The Biennale’s major sponsor, Transfield, recently deepened its relationship with the Australian Government’s increasingly cruel and unethical regime of mandatory detention for asylum seekers, by signing a $1.22 billion, 20 month, contract to manage the offshore detention centres on Manus Island and Nauru.
Transfield derives significant cultural capital from its patronage of the Biennale. As the Board of Directors of the Biennale has refused to prioritise the concerns of participating artists and insisted on retaining its relationship with Transfield, it is our belief that the art community must hold the Biennale and its sponsor to account.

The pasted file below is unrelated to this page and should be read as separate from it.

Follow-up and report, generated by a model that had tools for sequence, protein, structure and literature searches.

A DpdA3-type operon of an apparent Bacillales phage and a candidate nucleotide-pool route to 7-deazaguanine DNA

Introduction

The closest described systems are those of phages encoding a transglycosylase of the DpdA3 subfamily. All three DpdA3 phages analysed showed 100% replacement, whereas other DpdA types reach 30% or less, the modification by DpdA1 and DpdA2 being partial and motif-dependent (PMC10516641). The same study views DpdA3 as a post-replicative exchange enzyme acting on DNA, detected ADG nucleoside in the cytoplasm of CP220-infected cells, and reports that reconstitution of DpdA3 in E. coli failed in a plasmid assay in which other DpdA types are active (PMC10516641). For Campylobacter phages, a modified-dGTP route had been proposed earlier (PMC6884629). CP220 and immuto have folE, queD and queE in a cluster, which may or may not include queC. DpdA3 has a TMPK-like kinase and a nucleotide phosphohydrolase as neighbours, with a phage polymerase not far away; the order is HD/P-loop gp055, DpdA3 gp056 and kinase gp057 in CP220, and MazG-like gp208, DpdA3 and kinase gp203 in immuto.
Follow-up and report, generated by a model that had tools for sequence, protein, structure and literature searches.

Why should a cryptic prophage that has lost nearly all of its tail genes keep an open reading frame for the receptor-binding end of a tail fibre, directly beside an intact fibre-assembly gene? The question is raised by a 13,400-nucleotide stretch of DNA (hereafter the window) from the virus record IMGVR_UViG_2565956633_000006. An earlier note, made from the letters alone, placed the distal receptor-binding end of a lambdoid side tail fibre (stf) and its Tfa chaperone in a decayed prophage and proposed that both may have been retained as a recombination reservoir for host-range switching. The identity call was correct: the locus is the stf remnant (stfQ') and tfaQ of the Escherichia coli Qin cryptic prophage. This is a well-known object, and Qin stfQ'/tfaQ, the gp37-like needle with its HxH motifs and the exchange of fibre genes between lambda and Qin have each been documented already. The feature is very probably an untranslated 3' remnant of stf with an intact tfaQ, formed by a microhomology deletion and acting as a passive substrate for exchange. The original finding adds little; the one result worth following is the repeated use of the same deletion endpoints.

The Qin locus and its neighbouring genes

Plinth Projects Inc. encourages artists and art audiences who wish to see the end of mandatory detention to support a boycott that serves to diminish the cultural value of Transfield’s brand.
We believe this can only be achieved if we act collectively as a concerned community, rather than making private ethical judgements (as the Board of the Biennale would prefer).
Plinth Projects Inc. believes that a collective refusal to participate in, or attend, the Biennale of Sydney, is a powerful symbolic action in the ongoing campaign to bring an end to the mandatory detention of asylum seekers.
Plinth Projects is a not-for-profit artist-run public art program, engaging the empty plinth at the centre of Melbourne’s Edinburgh Gardens in the exhibition of temporary public works.